Short of John Williams being tapped for the next Spielberg picture, here’s your least-surprising composer-related news of 2014, no more than three weeks in: on Twitter, Trent Reznor has announced that, following The Social Network and The Girl with the Dragon Tattoo, he and Atticus Ross are underway on their third David Fincher collaboration with this October’s Gone Girl. (But, really: like it could be anyone else?) Nothing is yet available for our listening pleasure, as is somewhat needless to say, but I’m nevertheless encouraged by the likelihood of a new direction — just as 2011’s chilly thriller didn’t sound a whole lot like 2010’s still-chilly techno biopic, 2013’s you-guess-the-tone mystery may see them branch out toward something altogether different. Which isn’t to say more of the same would be so bad, either, given how fine “the same” still holds up.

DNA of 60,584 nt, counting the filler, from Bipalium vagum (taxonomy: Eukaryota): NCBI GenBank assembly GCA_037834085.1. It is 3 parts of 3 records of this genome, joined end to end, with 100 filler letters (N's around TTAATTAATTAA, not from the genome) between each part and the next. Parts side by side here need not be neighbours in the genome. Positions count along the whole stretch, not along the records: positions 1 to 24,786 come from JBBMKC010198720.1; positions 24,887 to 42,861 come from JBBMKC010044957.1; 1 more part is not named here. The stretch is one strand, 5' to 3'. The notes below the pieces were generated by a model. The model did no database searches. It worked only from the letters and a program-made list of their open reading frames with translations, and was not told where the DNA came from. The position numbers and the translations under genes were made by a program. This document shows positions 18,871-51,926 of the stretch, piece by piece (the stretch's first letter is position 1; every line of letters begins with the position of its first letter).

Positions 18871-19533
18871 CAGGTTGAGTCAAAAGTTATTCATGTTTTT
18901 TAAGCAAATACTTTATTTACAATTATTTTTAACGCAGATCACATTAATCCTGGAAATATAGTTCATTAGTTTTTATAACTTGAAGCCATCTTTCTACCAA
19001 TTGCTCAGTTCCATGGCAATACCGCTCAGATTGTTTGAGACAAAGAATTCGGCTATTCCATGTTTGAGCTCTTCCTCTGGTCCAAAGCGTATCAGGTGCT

In the same way that development is hugely expected, the scoring news which follows can’t help but seem like a bit of a comedown. We’re excited, however, to read that Todd Haynes is really, truly gearing up for his first feature since 2007’s I’m Not There, and in preparation for the new picture, Carol, he’s back with Mildred Pierce and Velvet Goldmine collaborator Carter Burwell. The ’50s-set romance is set to star Cate Blanchett (previously of Haynes‘ I’m Not There) and Rooney Mara and takes from Patricia Highsmith‘s novel about a department store worker who strikes up a relationship with an older, married woman dissatisfied with her own relationship.
Shooting begins this spring.
Following that, Danny Elfman is said to have taken up the job for Fifty Shades of Grey, director Sam Taylor-Johnson‘s (Nowhere Boy) adaptation of… oh, you absolutely know what happens; don’t play the coy game. How he derives lilting, whimsical notes from being tied up with a belt or swallowing semen is a mystery unto itself — one we’ll have the answer for on February 13, 2015. [Film Music Reporter, twice, via ThePlaylist]
What do you expect from another Reznor-Ross-Fincher collaboration? Do Burwell and Elfman boost interest in their respective new projects?
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